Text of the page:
The Founders were aware that given the opportunity, a dictatorial power structure could, and would, gain control of the nation, and the people, so they included protections in the Constitution that have been amended time and again to assuage the next attempt to subvert equality and Americans’ unalienable rights, and repugicans have turned to the High Court to eliminate those rights they failed to achieve in state legislatures. It is sad indeed that after 237 years and several amendments to ensure all Americans have equal rights to life, liberty, and pursuit of happiness, an extreme lunatic fringe group of authoritarian wingnuts are openly attempting to dismantle and eliminate what the Founding Fathers and generations of equal rights activists have fought to achieve. Throughout this nation’s history, there have been different groups who were restricted from enjoying their unalienable rights guaranteed in the Constitution, but never before has the majority of the population faced an all-out attack on their equal rights that repugicans make no attempt to conceal. Tragically, with funding  from a few wealthy fascists, moral support of religious fascists, and a wingnut stacked Supreme Court backing their bloodless coup d’état’ it is only a matter of time before the concept of equality will be something millions of immigrants once thought of America.

    The truth be told

    Ten Food Lies We've All Been Fed

    Recently, we learned that as spaghetti and meatballs are actually not true Italian food, which got us thinking about what other things we've accepted as truths are actually damned lies. Well, here's what we found out:
    1. Baby Carrots Are Actually Made from Grown Up Carrots
    Mike Yurosek with baby carrots 
    In 1986, California farmer Mike Yurosek got tired of having to throw away imperfect carrots at his packing plant. In some loads, as much as 70% of the carrots had to be thrown away because they were twisted, knobby, or otherwise deformed (he couldn't even feed them all to pigs because after a while, "their fat turned orange," he said.)
    One day, Yurosek bought an industrial green-bean cutter from a frozen-food company that was going out of business, and cut the carrots into 2-inch pieces. Then he loaded them up into an industrial potato peeler to smooth down their edges. What he got was what we now know and love as baby carrots (technically, "baby-cut" carrots).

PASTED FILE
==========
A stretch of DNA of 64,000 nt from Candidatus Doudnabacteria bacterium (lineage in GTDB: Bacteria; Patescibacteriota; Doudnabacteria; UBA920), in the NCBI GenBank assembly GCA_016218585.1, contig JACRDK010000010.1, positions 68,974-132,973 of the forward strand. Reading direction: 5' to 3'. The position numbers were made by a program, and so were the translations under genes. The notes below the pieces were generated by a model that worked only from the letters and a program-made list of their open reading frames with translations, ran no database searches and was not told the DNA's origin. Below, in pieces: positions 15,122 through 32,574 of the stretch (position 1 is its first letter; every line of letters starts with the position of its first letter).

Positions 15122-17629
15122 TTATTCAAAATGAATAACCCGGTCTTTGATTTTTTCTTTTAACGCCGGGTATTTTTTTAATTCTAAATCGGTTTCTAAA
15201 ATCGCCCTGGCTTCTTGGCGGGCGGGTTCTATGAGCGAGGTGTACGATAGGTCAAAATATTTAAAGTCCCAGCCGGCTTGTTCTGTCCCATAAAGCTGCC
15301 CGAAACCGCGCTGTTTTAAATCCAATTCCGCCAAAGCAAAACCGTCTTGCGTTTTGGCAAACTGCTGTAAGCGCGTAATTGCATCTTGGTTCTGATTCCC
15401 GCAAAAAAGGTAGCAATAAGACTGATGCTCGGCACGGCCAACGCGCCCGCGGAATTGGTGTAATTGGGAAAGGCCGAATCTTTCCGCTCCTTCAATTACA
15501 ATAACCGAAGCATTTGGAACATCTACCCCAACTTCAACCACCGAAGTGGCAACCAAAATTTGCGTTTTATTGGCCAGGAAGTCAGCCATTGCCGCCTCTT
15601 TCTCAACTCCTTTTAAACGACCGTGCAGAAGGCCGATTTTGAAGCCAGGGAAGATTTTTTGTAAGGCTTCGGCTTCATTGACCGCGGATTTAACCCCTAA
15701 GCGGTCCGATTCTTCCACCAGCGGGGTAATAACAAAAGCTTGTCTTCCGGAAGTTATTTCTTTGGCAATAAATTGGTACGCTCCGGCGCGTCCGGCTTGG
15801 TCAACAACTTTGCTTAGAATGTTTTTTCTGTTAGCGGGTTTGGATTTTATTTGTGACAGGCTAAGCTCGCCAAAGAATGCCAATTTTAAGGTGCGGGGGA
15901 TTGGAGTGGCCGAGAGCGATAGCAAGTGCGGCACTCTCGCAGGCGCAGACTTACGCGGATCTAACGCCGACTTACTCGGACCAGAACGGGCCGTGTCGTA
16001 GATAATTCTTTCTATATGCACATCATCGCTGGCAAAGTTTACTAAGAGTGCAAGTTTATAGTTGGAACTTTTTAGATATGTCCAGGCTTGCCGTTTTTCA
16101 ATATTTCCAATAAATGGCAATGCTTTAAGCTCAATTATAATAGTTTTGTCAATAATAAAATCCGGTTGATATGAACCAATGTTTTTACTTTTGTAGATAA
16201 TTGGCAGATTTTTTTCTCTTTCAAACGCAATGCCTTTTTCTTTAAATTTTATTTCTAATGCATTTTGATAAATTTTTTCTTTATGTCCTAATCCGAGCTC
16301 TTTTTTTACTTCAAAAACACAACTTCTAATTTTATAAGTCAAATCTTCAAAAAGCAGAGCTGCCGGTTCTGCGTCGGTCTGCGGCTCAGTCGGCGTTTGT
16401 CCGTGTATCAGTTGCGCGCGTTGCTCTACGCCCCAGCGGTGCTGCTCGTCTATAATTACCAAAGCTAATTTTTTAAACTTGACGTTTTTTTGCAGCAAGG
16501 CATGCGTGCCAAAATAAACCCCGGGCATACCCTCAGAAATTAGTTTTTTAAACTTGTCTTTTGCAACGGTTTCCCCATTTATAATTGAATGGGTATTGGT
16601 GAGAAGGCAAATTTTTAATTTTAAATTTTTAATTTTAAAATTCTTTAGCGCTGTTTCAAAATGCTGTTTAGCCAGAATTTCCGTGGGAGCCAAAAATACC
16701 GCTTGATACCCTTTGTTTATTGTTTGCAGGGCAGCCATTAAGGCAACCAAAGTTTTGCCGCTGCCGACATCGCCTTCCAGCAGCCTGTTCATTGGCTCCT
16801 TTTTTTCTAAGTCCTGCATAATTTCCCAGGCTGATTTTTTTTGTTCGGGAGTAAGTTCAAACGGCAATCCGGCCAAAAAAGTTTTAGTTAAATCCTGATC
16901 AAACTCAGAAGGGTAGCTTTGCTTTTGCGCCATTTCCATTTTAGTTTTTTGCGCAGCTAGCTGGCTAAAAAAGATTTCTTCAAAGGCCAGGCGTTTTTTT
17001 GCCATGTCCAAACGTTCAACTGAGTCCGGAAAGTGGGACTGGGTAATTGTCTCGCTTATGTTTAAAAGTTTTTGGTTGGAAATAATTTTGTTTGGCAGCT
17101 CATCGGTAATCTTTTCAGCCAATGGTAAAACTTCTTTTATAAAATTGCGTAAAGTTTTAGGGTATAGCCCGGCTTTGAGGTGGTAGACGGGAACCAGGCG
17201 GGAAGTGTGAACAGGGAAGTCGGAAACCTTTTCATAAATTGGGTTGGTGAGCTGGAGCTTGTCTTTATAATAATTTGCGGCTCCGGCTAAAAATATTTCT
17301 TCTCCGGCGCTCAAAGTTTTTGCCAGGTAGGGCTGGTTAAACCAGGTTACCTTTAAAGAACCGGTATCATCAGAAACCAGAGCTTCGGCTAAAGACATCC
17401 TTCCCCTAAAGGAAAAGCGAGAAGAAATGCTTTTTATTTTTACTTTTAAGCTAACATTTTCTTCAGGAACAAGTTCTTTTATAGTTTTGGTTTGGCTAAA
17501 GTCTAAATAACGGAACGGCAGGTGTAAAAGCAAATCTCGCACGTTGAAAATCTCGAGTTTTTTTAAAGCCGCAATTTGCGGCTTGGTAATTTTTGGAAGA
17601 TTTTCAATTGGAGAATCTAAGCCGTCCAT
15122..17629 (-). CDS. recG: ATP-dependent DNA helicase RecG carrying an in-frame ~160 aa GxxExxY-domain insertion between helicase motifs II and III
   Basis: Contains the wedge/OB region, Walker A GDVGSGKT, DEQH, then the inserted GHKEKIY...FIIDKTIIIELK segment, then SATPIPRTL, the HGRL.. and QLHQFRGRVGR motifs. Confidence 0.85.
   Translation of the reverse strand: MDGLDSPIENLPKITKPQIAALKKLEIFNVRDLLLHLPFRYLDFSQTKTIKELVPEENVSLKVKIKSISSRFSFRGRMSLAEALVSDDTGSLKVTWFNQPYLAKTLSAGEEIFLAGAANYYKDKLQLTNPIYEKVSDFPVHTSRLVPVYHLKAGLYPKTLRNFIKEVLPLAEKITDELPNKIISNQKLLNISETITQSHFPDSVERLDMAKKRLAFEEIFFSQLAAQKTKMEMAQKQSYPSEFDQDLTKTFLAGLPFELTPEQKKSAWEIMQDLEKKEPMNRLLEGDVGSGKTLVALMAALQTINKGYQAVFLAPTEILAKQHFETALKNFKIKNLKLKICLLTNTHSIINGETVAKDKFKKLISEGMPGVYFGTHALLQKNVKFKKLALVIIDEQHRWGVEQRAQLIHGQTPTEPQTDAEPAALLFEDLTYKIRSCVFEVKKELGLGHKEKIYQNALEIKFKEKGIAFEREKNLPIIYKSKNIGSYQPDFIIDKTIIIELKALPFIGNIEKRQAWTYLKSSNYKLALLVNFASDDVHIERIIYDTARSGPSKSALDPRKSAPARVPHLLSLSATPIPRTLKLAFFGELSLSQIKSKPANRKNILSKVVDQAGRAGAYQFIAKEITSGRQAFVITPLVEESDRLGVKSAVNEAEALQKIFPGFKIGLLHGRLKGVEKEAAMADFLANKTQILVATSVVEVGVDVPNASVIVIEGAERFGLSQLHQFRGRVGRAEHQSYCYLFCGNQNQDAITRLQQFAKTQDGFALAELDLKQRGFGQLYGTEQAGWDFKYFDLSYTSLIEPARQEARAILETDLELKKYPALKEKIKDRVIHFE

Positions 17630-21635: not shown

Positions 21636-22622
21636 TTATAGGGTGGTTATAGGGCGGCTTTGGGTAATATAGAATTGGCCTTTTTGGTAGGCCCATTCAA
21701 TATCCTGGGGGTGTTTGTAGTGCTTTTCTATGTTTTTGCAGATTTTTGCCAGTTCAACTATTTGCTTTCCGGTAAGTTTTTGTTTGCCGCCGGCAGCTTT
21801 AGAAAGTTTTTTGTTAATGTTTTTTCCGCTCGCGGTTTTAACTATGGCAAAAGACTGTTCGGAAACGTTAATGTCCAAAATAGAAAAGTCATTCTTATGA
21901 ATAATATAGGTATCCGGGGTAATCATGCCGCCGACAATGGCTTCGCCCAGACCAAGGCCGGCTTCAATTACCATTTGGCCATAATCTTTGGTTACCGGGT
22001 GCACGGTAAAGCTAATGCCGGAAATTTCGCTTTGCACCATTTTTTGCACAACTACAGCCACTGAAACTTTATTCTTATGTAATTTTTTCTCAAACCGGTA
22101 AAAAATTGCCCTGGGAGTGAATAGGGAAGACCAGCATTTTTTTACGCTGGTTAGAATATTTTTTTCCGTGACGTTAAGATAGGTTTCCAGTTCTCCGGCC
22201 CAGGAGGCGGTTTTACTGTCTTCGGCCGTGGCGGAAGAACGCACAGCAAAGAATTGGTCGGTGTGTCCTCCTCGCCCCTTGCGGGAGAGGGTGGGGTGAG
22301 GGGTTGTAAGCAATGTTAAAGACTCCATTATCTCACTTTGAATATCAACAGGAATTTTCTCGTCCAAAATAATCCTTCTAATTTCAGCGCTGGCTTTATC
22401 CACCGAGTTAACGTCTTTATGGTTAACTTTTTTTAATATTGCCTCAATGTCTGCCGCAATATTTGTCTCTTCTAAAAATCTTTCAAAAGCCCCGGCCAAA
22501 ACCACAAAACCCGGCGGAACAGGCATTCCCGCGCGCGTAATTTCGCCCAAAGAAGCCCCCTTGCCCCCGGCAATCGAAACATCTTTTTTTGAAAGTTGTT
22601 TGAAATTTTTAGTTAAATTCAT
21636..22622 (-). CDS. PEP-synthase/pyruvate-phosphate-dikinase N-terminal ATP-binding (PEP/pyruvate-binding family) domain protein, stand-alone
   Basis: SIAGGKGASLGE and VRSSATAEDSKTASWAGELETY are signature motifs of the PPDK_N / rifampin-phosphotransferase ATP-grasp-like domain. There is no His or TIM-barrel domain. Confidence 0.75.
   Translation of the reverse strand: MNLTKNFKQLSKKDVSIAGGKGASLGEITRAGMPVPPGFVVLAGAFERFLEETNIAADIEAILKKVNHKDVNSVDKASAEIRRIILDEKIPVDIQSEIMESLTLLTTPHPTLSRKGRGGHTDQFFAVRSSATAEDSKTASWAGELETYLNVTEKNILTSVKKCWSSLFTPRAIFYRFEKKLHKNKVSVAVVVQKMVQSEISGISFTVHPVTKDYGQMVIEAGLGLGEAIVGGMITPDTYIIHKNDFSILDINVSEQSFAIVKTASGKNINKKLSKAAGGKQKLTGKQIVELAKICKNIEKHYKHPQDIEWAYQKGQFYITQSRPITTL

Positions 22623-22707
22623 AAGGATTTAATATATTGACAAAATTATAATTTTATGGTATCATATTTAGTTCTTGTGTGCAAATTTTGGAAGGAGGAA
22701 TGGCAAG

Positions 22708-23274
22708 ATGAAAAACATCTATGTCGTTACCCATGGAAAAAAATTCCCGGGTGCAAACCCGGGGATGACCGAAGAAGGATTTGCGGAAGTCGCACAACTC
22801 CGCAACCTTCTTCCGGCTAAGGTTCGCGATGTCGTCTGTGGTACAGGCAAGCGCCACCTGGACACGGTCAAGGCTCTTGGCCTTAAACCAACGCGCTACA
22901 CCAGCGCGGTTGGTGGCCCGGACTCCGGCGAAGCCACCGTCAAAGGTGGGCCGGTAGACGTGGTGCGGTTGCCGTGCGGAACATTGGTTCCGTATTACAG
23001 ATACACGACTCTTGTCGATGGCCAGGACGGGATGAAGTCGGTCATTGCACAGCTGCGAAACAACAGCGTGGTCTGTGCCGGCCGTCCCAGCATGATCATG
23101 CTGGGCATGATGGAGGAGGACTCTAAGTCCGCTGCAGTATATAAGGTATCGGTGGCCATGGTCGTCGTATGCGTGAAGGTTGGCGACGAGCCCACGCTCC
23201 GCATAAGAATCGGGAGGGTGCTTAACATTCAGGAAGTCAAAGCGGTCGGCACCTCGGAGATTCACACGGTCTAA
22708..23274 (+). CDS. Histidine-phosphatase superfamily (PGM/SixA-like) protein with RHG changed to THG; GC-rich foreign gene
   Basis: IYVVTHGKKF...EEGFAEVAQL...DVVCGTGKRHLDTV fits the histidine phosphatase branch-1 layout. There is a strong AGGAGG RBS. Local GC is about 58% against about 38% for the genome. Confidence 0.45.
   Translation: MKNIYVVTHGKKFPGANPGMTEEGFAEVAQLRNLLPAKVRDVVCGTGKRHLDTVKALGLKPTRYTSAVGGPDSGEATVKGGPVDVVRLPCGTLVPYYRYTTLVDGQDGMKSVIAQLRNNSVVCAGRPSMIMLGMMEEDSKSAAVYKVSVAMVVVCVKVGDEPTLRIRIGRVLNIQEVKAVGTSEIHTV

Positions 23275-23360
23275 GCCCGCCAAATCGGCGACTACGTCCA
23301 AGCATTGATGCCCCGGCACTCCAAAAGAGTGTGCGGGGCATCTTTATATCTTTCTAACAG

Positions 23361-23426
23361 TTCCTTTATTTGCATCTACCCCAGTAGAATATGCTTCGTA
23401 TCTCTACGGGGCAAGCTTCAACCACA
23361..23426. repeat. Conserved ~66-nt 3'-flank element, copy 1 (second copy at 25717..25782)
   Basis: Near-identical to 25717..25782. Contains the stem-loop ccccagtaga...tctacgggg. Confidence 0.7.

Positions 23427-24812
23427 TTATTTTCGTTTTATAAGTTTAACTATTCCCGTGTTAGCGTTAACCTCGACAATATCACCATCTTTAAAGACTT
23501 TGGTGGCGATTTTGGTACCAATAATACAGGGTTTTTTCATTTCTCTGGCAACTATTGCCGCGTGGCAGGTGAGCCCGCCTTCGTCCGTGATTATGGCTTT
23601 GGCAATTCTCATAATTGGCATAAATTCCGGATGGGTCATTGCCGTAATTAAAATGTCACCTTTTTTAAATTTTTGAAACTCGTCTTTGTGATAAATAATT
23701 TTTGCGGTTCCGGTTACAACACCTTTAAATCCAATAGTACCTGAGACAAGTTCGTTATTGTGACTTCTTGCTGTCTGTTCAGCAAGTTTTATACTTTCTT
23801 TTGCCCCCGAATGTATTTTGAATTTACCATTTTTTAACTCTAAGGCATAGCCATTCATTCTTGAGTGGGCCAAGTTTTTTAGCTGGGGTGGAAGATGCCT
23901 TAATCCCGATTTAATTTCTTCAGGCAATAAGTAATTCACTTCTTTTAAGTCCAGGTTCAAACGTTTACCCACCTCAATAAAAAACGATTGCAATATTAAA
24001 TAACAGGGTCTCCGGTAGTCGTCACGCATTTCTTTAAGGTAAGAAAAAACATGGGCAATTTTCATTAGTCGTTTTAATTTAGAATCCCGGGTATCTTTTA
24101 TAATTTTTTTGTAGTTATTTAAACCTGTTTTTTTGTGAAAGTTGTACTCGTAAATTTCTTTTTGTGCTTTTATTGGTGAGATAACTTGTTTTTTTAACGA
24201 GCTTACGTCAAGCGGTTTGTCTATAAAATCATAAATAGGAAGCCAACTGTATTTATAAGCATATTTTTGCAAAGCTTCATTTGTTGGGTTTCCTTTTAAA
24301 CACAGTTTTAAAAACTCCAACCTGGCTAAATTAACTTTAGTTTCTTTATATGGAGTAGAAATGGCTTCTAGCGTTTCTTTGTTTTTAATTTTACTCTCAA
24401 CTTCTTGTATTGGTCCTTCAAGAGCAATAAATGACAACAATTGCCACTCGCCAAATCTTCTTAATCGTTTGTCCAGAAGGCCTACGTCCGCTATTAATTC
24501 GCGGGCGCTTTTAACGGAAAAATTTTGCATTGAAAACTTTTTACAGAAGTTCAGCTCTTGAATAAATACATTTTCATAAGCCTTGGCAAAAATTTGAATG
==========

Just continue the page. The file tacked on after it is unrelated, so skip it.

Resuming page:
Oh, and here's the best part about the whole baby carrot business: they sell for much higher price than regular carrots, despite that they actually started as carrots destined for the trash heap.
    2. Portabello Mushroom is Actually Just Mature Brown Crimini Mushroom
    Portabello and button mushrooms

    You pay a hefty premium for large portabello mushrooms at the grocyer store, but did you know that you're actually buying mature brown crimini or button mushrooms? Yep, they're the same thing.
    3. You Won't Find Fortune Cookies in China
    Fortune cookie
    Eat in any Chinese restaurant in America, and you'll be served with a plate of fortune cookies at the end of the meal. Fortune cookies are so quintessentially Chinese ... yet you won't find them in China.
    The origin of the fortune cookies is controversial, but food researchers pointed to its origin as distinctly Japanese (the modern version of the fortune cookie was supposedly invented by Japanese bakers who immigrated to the United States).
    And here's the kicker: In the early 1990s, Wonton Food, the largest fortune cookie manufacturer in the United States, attempted to introduce fortune cookies to China, but gave up because the cookies were considered "too American" by the Chinese.
    4. General Tso Didn't Invent General Tso's Chicken ...
    General Tso 
    ... but he did quell a few rebellions in which millions of people died!
    General Tso Tsun-t'ang, the man whom General Tso's chicken was named after, was a real general* in the late Qing Dynasty, China. He didn't invent the chicken dish in question - or any Chinese food at all, for the matter.
    *Unlike Colonel Sanders, for example, who wasn't a real colonel in the military. Sanders was a Kentucky Colonel, a title of honor given by the Governor of Kentucky.